Sunday School: May 6 beginning at 9:30 am with Hebrew,

Last Day of Sunday School

 

 

Kabbalat Shabbat: Friday May 11 at 6:00

 

Saturday Service: May 12 at 9:30 am

 

Mother’s Day: Sunday, May 13

 

Sisterhood Sabbath: Friday, May 18 at 7:30

 

Saturday Service: May 19 at 9:30 am, Erev Shavuot

 

Yizkor Service & Blintzes: Sunday May 20 at 6:00 pm,

Shavuot Day 1

 

Temple Board Meeting: Monday, May 21 at 6:00 pm

 

Kabbalat Shabbat: Friday, May 25 at 6:00

Lag BaOmer: A Time of Celebration and Reflection

  • Lag BaOmer Bonfire Party

And from the day on which you bring the sheaf of elevation offering (Omer) – the day after the Sabbath – you shall count off seven weeks. They must be complete: you must count until the day after the seventh week – fifty days; then you shall bring an offering of new grain … (Leviticus 23: 15-16)

Many of our Jewish holidays are based on the agricultural calendar of our ancestors, including the three pilgrimage festivals of Passover (Pesach), Shavuot and Sukkot. There is an interesting connection between Pesach and Shavuot when we count the Omer (a harvesting unit of measure), starting the second night of Pesach until Shavuot, essentially marking the time from the barley to the wheat harvest. As in all agrarian societies, if the weather pattern deviates, it can be disastrous for the community. This is a precarious time, when everyone prays for positive results. Since our ancestors saw this as a somber time, there are many prohibitions during this 49-day period, including no weddings, parties or haircuts.

The one exception during this solemn period is Lag BaOmer-the 33rd day of counting the Omer. “Lag” is from the Hebrew letters lamed and gimel. Lamed has a numerical equivalent to 30, and gimel has the numerical equivalent of 3-thus the 33rd day. There are different reasons given to explain why this date is special. One rationale is that the plague that brought about the death of thousands of Rabbi Akiva’s students stopped on Lag BaOmer. The plague was supposedly due to their lack of respect for one another. There is also the claim that Lag BaOmer is the yahrzeit of one of Rabbi Akiva’s most famous students-Rabbi Shimon bar Yochai, who is said to have authored the mystical writings of the Zohar-the text of Kabbalah (Jewish mysticism). According to legend, Rabbi bar Yochai was so saintly that during his entire lifetime, no rainbows appeared. The rainbow is a sign of the covenant between God and creation, and since “rainbow” and “bow” both are translated as keshet in Hebrew, the bow and arrow are symbols used to recall Rabbi bar Yochai. In a commentary on Genesis, the great Torah scholar Rashi (1040-1105), explained that there were generations so righteous that they did not require a sign of the covenant. Rabbi Shimon Bar Yochai’s generation was among them.Thus, the holiday is seen almost as a tribute to scholars. It has become a day of celebration and joy amidst the mournful seven weeks surrounding it.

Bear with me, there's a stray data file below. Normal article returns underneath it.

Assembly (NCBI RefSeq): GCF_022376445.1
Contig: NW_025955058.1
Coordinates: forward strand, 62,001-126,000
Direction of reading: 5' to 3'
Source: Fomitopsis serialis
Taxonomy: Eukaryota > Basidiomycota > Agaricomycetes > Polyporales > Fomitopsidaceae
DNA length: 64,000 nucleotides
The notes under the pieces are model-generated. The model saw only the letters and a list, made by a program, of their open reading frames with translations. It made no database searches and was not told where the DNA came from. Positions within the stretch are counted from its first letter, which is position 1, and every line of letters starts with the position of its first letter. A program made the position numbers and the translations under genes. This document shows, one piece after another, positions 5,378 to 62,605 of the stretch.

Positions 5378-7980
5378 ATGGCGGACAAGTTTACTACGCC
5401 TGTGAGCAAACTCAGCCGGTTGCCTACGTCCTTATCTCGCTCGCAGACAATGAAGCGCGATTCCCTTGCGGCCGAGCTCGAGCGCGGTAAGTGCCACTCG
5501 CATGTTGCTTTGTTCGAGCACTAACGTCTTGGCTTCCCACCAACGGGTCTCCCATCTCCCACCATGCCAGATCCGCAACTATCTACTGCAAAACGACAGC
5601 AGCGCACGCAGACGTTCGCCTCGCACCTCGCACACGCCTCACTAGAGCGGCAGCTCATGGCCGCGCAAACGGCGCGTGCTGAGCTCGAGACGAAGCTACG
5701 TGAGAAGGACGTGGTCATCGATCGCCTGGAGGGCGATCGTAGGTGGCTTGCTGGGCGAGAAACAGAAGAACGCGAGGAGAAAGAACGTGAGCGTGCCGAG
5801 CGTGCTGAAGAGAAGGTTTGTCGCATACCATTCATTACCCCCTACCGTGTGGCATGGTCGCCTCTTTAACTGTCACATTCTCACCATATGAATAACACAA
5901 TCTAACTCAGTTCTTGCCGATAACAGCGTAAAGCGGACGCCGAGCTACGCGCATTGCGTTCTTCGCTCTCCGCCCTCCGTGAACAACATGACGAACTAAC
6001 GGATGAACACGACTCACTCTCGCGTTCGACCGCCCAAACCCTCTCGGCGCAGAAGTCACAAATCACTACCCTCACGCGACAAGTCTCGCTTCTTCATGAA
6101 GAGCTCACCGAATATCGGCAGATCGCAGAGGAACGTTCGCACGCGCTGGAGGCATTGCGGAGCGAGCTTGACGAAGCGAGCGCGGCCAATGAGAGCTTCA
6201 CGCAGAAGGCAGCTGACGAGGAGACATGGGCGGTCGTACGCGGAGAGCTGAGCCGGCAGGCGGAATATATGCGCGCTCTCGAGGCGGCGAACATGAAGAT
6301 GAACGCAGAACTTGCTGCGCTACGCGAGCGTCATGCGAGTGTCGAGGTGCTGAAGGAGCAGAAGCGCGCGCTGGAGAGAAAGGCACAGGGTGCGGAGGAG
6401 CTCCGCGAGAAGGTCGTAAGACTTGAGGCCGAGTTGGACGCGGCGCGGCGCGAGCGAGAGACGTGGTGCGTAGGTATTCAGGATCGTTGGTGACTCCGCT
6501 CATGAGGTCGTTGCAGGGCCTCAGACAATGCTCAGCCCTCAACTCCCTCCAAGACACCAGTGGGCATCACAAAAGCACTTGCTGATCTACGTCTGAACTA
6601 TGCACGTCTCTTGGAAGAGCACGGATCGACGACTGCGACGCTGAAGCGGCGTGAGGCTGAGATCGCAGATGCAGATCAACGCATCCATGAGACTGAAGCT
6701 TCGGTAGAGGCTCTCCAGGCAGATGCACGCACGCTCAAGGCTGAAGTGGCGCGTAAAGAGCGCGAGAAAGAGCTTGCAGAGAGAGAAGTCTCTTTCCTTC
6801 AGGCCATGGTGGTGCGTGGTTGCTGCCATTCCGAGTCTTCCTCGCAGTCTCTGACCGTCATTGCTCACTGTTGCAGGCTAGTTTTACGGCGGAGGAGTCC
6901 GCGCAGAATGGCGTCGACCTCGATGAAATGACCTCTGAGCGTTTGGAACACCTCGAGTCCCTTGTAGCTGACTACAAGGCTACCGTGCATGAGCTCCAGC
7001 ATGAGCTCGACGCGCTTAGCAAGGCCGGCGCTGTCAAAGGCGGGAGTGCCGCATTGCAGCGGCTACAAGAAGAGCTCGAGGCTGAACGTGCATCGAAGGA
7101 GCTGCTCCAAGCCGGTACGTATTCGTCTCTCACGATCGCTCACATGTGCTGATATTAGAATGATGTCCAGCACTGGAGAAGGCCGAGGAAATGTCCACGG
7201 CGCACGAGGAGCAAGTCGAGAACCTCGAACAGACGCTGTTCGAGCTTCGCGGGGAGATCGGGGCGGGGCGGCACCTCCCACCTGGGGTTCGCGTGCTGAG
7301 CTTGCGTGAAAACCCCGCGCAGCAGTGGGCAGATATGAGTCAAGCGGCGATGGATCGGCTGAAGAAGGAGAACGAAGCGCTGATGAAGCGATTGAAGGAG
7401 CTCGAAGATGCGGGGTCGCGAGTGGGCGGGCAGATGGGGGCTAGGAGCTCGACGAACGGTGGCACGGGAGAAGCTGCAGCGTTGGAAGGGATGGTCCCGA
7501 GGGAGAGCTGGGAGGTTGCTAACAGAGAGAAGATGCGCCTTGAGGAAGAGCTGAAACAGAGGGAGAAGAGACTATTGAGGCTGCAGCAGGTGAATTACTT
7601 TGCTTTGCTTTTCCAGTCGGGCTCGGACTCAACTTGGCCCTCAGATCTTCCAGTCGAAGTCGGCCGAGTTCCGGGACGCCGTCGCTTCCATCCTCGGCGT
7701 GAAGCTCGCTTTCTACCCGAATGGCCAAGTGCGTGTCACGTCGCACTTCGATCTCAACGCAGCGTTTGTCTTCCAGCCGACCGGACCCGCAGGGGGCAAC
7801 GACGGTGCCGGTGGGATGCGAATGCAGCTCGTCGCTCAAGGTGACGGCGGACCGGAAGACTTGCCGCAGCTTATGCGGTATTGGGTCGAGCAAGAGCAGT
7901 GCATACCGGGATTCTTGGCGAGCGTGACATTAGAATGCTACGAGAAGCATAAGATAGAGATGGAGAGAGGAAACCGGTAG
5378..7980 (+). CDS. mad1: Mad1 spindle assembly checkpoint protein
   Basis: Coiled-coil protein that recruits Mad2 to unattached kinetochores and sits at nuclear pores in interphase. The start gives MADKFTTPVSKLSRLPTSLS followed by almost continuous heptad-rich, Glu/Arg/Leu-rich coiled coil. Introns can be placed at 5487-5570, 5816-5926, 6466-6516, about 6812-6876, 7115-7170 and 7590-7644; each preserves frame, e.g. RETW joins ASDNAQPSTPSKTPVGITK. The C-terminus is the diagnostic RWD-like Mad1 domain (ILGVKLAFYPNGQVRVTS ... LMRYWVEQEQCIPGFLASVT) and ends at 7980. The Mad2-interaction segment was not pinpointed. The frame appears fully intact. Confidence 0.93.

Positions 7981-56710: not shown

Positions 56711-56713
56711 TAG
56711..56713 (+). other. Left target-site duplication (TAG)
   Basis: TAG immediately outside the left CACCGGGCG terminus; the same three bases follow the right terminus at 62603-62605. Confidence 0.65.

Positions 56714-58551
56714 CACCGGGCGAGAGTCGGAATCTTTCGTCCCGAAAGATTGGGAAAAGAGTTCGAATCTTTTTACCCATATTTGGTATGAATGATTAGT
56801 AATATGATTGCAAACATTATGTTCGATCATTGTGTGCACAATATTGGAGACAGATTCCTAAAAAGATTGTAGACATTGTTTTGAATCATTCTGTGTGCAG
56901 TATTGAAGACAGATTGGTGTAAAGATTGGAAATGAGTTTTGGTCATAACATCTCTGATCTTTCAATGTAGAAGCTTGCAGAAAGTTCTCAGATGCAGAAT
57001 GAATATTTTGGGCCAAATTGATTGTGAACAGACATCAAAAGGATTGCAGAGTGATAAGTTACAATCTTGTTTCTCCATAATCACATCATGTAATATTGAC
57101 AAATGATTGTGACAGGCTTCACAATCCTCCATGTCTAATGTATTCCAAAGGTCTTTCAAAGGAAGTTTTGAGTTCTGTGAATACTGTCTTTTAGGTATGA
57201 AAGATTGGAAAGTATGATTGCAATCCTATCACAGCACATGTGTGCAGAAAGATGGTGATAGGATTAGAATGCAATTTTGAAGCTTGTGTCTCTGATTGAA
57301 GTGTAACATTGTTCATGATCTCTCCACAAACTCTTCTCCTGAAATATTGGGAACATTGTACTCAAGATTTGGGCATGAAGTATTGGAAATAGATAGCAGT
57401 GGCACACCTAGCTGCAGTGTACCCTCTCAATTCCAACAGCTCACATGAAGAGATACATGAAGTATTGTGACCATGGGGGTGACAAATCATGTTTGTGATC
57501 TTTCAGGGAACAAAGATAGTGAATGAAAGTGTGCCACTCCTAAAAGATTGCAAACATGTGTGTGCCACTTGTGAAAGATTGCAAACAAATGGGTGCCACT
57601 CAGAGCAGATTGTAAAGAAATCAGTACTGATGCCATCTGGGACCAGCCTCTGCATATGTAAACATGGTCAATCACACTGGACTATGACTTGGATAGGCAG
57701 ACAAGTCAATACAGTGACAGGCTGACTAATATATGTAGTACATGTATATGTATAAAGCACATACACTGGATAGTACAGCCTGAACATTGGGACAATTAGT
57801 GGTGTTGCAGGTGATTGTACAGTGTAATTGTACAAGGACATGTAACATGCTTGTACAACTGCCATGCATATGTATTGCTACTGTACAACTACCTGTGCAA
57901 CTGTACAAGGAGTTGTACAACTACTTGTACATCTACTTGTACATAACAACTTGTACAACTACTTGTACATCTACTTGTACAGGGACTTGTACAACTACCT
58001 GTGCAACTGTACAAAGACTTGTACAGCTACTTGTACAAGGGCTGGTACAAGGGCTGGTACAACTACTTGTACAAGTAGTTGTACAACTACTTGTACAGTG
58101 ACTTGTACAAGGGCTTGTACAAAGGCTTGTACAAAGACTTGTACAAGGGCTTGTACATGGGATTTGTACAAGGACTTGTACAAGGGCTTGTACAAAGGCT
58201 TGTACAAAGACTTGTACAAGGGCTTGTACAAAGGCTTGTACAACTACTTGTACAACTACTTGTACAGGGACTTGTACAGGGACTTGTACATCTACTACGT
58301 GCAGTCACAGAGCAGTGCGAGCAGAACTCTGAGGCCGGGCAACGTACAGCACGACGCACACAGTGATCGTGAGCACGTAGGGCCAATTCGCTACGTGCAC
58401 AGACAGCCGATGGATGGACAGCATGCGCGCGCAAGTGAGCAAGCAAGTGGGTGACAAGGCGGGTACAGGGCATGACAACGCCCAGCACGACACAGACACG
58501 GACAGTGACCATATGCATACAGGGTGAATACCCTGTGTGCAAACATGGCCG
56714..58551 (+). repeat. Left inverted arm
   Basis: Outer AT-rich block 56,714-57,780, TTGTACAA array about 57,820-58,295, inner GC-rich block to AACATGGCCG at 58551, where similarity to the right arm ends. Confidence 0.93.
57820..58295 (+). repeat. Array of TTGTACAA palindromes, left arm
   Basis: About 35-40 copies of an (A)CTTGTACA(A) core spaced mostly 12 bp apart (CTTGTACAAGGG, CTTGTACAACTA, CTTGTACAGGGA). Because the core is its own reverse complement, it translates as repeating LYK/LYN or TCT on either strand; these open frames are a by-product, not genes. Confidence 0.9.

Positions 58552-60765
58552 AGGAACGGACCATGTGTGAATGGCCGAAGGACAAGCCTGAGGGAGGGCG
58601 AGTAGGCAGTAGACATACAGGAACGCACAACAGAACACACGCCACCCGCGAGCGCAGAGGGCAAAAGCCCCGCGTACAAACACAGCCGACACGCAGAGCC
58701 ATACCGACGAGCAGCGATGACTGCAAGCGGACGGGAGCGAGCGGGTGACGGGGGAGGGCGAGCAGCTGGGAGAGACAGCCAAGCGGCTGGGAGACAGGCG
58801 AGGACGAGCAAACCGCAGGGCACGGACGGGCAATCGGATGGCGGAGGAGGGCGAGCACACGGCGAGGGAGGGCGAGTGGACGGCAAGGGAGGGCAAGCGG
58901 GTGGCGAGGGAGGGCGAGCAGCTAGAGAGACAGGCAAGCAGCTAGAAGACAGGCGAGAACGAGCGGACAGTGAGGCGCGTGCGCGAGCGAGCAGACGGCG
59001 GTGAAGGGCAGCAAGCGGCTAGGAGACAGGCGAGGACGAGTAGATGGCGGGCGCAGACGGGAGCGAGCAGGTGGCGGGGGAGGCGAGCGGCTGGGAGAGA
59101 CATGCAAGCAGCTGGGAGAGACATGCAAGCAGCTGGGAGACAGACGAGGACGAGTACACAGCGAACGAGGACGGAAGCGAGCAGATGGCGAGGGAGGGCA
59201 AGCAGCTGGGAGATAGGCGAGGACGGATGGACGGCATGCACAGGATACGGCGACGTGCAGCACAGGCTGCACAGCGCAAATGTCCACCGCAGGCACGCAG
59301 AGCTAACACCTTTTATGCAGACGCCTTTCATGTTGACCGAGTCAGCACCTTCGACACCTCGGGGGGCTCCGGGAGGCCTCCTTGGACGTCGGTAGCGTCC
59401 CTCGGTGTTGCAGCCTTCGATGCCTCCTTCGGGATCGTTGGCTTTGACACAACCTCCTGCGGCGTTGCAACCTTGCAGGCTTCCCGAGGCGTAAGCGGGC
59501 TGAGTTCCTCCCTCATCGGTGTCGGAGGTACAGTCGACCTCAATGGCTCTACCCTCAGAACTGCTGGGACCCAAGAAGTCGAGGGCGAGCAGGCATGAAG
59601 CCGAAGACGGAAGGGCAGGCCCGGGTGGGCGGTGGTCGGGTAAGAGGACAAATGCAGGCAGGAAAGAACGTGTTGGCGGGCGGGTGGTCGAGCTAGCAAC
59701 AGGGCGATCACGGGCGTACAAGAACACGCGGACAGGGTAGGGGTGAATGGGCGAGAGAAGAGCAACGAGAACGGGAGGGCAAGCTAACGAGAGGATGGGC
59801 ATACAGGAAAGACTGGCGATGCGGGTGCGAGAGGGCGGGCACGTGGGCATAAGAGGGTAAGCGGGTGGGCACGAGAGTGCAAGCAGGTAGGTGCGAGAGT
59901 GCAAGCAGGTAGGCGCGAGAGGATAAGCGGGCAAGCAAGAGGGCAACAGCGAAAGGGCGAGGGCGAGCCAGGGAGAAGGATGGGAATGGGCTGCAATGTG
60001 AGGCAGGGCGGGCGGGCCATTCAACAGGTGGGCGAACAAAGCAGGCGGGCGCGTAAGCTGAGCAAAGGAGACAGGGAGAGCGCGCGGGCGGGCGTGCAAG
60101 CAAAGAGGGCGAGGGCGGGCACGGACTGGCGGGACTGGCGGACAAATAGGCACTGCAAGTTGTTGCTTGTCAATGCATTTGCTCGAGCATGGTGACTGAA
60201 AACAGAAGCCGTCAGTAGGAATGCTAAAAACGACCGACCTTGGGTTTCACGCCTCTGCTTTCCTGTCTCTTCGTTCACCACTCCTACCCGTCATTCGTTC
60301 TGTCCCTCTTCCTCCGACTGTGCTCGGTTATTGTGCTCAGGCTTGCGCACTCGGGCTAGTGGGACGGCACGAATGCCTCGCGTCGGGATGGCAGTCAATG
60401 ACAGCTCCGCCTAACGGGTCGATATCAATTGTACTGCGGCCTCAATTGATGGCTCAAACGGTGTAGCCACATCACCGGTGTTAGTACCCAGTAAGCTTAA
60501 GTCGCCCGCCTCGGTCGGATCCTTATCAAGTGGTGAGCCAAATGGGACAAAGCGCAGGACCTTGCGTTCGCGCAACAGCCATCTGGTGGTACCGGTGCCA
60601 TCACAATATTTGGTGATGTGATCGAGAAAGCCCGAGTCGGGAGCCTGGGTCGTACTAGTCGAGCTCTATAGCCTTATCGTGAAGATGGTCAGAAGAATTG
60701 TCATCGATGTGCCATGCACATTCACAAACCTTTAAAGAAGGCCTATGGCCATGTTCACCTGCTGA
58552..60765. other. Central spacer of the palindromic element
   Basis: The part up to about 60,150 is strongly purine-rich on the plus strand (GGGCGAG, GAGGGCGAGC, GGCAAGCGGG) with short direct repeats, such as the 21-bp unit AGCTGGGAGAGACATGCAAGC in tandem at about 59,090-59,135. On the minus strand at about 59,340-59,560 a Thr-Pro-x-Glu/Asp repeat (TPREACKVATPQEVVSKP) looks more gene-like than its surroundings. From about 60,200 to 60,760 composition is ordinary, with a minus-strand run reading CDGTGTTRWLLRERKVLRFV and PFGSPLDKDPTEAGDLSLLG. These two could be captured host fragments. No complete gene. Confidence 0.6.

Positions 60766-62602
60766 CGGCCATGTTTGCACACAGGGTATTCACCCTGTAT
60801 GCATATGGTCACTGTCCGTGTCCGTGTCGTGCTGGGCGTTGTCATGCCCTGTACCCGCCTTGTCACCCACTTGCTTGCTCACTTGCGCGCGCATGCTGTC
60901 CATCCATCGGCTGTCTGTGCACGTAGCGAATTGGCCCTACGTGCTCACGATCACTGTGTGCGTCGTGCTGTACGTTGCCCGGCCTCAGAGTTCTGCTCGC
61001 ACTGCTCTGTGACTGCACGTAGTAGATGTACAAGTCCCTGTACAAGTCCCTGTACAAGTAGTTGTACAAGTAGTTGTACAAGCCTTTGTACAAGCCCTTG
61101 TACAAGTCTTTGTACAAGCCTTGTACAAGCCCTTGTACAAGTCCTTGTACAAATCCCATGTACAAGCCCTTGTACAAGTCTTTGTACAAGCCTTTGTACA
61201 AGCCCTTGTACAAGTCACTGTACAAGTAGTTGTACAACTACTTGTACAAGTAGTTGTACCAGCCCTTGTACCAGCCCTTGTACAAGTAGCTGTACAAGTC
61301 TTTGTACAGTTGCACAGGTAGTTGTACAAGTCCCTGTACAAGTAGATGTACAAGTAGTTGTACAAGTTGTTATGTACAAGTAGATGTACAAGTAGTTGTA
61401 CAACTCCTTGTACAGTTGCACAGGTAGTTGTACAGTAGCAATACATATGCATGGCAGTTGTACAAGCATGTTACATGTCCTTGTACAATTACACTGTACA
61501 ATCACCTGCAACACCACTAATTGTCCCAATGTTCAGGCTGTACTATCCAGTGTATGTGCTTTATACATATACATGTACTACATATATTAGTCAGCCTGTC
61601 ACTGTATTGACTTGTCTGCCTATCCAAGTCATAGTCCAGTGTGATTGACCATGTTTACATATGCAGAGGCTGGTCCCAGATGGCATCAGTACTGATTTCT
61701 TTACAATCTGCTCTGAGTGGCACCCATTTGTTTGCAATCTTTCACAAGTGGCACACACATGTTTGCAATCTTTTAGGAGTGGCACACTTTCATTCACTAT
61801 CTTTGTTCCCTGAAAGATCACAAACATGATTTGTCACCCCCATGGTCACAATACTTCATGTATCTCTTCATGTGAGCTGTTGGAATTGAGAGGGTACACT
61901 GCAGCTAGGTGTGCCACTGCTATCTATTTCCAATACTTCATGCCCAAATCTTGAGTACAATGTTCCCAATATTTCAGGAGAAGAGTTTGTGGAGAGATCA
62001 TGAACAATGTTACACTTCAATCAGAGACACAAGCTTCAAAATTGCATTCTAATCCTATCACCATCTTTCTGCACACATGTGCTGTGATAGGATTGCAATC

Among those who observe the somber days during the Omer, Lag BaOmer is a day of wedding celebrations. During the time of the counting of the Omer there are bans on parties, music and dancing, similar to the prohibitions for a person in mourning for a loved one. For those who wish to marry in the spring, this is the only day on which one can celebrate. Many Jews also do not cut their hair during this time period. Boys, at the age of 3, often have their first haircut on Lag BaOmer, with much festivity surrounding the event.

Lag BaOmer celebrations are generally outdoor adventures, including bonfires, fun and frolic with teaching. Especially in Israel, people young and old will be outside sharing a picnic and enjoying the beautiful day; school children celebrate with a “field day.” The bonfires lit in celebration are supposed to symbolize the light of Torah.

How can we honor and rejoice on Lag BaOmer? Take time to study a new Jewish text, learn a new ritual you can bring into the rhythm of your days, find a new idea that brings meaning to your life. Have a picnic with family and friends, and take time to appreciate.